Constitution & Policies
The Softball Australia Constitution gives the Directors the powers to make and amend policies (by-laws). These policies are supplemented by guidelines. Together they support the responsible and professional governance and management of Softball and are essential tools in our risk management strategy and compliance regime.
- Anti-Doping Policy
- Australian Championship Regulations
- Australian Teams Policy
- eCommunications Policy
- Hot Weather Guidelines
- Lightning Strikes Guidelines
- Member Protection Policy
- Member Recognition Policy
- Membership Policy
- National Policy on Match Fixing
- Pregnancy Guidelines
- Risk Management Policy
Softball Australia is a signatory to the ASADA policies on drugs. We condemn doping as fundamentally contrary to the spirit of sport. The purpose of this Policy is to protect athletes’ fundamental rights to participate in doping-free sport and to ensure harmonised, coordinated and effective anti-doping programs at the international and national level with regard to the detection, deterrence and prevention of doping. Softball Australia's Anti-Doping Policy is aligned with the World Anti-Doping Agency's Guidelines.
These Regulations cover the conduct of Australian championships, including:
- Host selection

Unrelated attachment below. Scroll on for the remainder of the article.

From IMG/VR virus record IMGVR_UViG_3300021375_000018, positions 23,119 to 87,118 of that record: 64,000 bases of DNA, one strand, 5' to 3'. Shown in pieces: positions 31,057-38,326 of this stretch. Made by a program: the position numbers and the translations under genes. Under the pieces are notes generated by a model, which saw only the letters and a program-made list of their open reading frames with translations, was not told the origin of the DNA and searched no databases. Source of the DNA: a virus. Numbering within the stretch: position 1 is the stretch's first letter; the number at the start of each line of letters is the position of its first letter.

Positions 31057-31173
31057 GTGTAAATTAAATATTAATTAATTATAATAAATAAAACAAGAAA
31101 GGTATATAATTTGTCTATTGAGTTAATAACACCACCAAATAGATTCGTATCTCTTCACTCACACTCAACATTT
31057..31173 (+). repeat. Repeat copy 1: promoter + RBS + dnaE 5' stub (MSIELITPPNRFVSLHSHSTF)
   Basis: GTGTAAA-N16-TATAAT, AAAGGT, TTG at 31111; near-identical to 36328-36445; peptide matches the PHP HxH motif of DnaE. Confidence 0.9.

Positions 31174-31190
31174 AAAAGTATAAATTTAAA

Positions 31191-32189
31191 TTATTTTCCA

- Event dates, venues, duration and draw
- Representative teams and uniforms
- Player qualifications and draft
- Handling of complaints and disputes
- Appointment of the chief statistician and Softball Australia representative
- Technical and team manager meetings
- Financial and insurance arrangements
- Rules for the championships
This Policy governs the selection, management and conduct of Australian representative squads and teams, including:
- Appointment of selection panels
- Appointment of team staff
- Selection and removal of players
- Financial arrangements
The purpose of this Policy is to maximise the effectiveness and minimise the risks associated with electronic communications (eCommunications) by ensuring Softball Australia and our Member States, Associations and Clubs:
- Do not breach spam, privacy and copyright legislation
- Do not send inappropriate and unwanted ecommunications to members and nonâ€‘members
- Comply with best practice in regard to all ecommunications
- Get the best possible results from their ecommunications
- Use up-to-date member contact information when distributing ecommunications in order to minimise bounce-backs (non-delivery)
- Do not send multiple ecommunications to the same member on the same day from different senders
- Do not send ecommunications that might cause technical difficulties for recipients
- Do not put their technology systems at risk from viruses